This week's NBA draft begins a potentially busy offseason for the Memphis Grizzlies. But with uncertainty and discontent clouding the franchise, the team faces questions that are bigger than one draft or even one offseason.
Despite producing the seventh-best record in the league and a third straight playoff appearance last season, there are signs of malaise: attendance down, hand-wringing up. And in the wake of a now NBA-record 0-12 franchise playoff record, the targets of fan and media complaint are plentiful: Pau Gasol to Mike Miller to Mike Fratello to Jerry West; style of play to ticket prices to side issues about concessions and in-game bells and whistles.
But pointing fingers at all these bruised and battered trees only obscures the forest: Five years in, the real problem with the Grizzlies franchise isn't any one person or facet of the team. It's the lack of a coherent organizational philosophy about how to survive, or even thrive, in a small market with necessarily limited resources.
The Grizzlies are embarking on what could be an era of profound transition: Majority owner Michael Heisley has his share of the team on the block, with a potential (if still unlikely) sale this summer. This season will almost certainly be West's last running the team. Fratello is entering the last year of his contract. And whatever happens, the team -- reportedly losing $40 million annually -- has let it be known that player payroll has to be reigned in.
So, with the franchise facing transition if not outright tumult, this seems like a good time to speculate on what a fruitful course correction might look like. Having watched the team for five years and covered it for four, here's my Grizzlies manifesto:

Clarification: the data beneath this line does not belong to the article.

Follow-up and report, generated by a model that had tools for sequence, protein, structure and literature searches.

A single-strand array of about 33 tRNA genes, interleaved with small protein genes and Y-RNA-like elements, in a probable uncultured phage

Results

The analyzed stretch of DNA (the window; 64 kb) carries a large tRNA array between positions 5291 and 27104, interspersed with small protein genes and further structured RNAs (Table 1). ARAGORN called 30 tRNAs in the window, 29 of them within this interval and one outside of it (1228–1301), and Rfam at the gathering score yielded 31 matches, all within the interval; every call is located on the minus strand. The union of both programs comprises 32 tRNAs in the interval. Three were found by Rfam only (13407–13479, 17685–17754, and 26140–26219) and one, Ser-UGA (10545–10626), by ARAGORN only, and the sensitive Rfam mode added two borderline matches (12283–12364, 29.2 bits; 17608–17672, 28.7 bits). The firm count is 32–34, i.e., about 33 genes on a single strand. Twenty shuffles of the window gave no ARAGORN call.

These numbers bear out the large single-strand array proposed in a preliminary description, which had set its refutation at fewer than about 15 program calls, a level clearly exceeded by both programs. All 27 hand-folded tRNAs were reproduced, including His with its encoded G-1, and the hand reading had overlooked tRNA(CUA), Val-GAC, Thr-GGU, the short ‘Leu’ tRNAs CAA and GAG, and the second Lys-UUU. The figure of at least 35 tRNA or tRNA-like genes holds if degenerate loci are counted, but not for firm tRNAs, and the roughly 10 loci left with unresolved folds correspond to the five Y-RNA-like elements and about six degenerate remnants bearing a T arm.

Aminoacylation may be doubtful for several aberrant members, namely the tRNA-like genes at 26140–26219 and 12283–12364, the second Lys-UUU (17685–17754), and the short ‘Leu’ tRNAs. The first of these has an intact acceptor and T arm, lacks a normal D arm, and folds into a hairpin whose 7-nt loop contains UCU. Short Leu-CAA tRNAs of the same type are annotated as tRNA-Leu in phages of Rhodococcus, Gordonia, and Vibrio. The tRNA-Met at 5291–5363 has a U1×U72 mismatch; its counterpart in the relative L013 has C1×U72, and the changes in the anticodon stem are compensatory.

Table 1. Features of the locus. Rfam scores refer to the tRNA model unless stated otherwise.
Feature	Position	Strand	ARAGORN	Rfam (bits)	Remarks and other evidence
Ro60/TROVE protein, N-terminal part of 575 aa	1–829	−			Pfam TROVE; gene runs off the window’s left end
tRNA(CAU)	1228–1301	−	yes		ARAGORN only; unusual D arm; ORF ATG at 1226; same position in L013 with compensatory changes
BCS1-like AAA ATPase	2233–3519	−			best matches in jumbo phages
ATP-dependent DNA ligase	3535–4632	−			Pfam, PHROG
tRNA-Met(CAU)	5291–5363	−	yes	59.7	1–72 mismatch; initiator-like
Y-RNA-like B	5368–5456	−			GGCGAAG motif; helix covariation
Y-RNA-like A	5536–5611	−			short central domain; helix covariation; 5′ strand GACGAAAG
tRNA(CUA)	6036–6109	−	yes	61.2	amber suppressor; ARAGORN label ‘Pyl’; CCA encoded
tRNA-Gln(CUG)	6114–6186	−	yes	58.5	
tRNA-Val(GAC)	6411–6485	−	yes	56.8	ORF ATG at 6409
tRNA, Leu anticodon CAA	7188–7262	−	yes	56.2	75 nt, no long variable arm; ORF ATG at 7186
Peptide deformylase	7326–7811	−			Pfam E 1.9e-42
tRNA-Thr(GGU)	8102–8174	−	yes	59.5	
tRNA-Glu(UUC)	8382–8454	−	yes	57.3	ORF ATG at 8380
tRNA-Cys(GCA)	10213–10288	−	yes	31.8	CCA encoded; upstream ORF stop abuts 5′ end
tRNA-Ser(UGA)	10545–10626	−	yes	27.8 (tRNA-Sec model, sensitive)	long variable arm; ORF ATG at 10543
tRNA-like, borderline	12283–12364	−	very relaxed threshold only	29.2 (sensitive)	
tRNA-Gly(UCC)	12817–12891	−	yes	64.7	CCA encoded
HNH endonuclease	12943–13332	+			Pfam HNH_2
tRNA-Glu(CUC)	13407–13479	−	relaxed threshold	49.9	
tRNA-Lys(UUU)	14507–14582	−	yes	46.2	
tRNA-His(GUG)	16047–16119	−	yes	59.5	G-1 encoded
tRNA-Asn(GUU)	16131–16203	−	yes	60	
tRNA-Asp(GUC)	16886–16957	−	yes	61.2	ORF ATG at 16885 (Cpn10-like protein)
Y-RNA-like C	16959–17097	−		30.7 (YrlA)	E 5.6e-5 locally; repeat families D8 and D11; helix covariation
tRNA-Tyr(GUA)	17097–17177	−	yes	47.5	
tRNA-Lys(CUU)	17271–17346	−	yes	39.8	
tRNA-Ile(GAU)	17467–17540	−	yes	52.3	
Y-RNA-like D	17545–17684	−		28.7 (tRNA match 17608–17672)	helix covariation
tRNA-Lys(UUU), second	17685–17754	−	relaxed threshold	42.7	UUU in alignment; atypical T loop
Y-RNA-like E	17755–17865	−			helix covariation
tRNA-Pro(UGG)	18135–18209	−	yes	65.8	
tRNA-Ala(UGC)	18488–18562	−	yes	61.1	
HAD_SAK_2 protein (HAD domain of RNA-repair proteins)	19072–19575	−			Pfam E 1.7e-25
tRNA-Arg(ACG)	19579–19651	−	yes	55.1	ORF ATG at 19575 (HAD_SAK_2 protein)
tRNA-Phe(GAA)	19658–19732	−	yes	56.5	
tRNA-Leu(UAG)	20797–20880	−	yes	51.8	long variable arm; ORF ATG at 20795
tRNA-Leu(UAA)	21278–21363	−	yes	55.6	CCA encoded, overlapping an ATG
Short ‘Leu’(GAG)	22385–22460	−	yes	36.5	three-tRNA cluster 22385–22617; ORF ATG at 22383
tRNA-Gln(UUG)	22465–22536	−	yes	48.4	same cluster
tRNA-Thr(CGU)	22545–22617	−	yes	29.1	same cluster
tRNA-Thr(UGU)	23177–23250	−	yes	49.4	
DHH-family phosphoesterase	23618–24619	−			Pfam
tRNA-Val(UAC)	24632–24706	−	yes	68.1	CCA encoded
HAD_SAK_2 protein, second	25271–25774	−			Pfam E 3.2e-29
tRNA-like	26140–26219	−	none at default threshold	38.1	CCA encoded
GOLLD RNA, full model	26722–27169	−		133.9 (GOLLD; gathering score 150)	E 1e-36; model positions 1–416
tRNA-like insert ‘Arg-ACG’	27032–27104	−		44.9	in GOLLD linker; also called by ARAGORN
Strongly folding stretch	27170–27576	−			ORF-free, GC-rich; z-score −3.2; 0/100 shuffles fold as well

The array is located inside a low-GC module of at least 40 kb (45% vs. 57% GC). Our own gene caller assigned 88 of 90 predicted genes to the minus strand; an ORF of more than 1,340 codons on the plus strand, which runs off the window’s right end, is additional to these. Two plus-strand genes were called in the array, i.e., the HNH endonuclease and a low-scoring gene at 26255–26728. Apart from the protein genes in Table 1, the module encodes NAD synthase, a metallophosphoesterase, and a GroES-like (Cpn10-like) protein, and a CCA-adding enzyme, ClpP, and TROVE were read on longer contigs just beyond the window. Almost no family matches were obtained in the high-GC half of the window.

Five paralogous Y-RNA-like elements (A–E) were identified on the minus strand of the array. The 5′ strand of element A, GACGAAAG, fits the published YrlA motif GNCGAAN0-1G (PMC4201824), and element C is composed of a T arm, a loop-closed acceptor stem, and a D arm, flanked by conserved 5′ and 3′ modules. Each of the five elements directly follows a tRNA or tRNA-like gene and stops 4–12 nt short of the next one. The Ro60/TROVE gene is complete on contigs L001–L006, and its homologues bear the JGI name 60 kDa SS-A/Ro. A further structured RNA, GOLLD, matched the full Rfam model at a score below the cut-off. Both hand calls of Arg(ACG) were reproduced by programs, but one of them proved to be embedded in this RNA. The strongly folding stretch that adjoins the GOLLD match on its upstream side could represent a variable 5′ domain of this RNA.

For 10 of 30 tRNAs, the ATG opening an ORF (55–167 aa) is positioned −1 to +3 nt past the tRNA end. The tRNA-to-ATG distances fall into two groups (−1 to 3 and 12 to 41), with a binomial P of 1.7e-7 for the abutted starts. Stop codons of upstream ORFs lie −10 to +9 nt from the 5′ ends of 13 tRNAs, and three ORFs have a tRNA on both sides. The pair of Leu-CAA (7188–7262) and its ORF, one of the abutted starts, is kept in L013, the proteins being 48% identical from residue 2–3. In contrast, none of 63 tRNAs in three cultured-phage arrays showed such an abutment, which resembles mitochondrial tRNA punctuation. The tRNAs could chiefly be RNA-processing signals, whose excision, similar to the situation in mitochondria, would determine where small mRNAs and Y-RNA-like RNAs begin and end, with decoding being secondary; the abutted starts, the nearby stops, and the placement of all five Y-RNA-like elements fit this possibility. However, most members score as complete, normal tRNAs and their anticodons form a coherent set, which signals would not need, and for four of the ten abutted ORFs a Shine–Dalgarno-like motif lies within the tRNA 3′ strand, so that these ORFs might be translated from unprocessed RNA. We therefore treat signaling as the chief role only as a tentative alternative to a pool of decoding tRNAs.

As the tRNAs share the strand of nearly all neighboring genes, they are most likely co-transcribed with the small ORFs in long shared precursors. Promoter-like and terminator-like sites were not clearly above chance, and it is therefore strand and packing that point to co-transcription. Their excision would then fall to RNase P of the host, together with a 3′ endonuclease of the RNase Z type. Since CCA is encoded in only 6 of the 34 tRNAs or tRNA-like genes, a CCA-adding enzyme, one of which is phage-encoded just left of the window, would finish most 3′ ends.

For me, the most depressing moment in Grizzlies basketball over the past few months wasn't Dirk Nowitzki sinking a three-pointer to rob the Grizzlies of a playoff win. It was standing in front of Jerry West at his post-season press availability and experiencing the utter grimness with which he described the team's financial losses and the necessity of lowering player payroll.
This is reality: Memphis is a small market. The team is losing money. Even at best, according to president of business operations Andy Dolich, the Grizzlies will be a cash-neutral operation. And Dolich admits it will take a long time to reach even that point. It's insane to expect this team to have one of the league's 10 highest payrolls -- which it did this season. And it's pointless for fans to pine for a new owner unconcerned about the bottom line.
This is the much-needed realization: Reducing payroll isn't a death sentence. There is absolutely no correlation in the NBA between player payroll and on-court success. As long as the Grizzlies are willing to operate on a league-average, or even slightly below league-average, basketball budget, there's no reason the team can't stay competitive. Teams don't win in the NBA because they spend tons of money. Teams win through a combination of smart management and luck.
The Grizzlies need to play "Moneyball," to borrow a term made famous by Michael Lewis' bestseller about the cost-conscious but competitive baseball franchise Oakland As. Set aside the statistical approach to player evaluation that Moneyball describes: The real message of the Oakland model is how that team's front office and ownership embraced their financial limitations as a creative challenge.
Recruit Happy Warriors
For all the success of the Jerry West era -- quickly turning a perennial league doormat into a perennial playoff participant -- the profound disappointment is how little excitement and goodwill his presence has engendered among fans. West may be the Logo to the rest of the league, but his public demeanor has grown so dour that he's become impossible to rally around. And though many fans and media members have treated Fratello unfairly, he hasn't been much better in this regard. How can fans be excited about their NBA team when the people running it don't seem excited about it?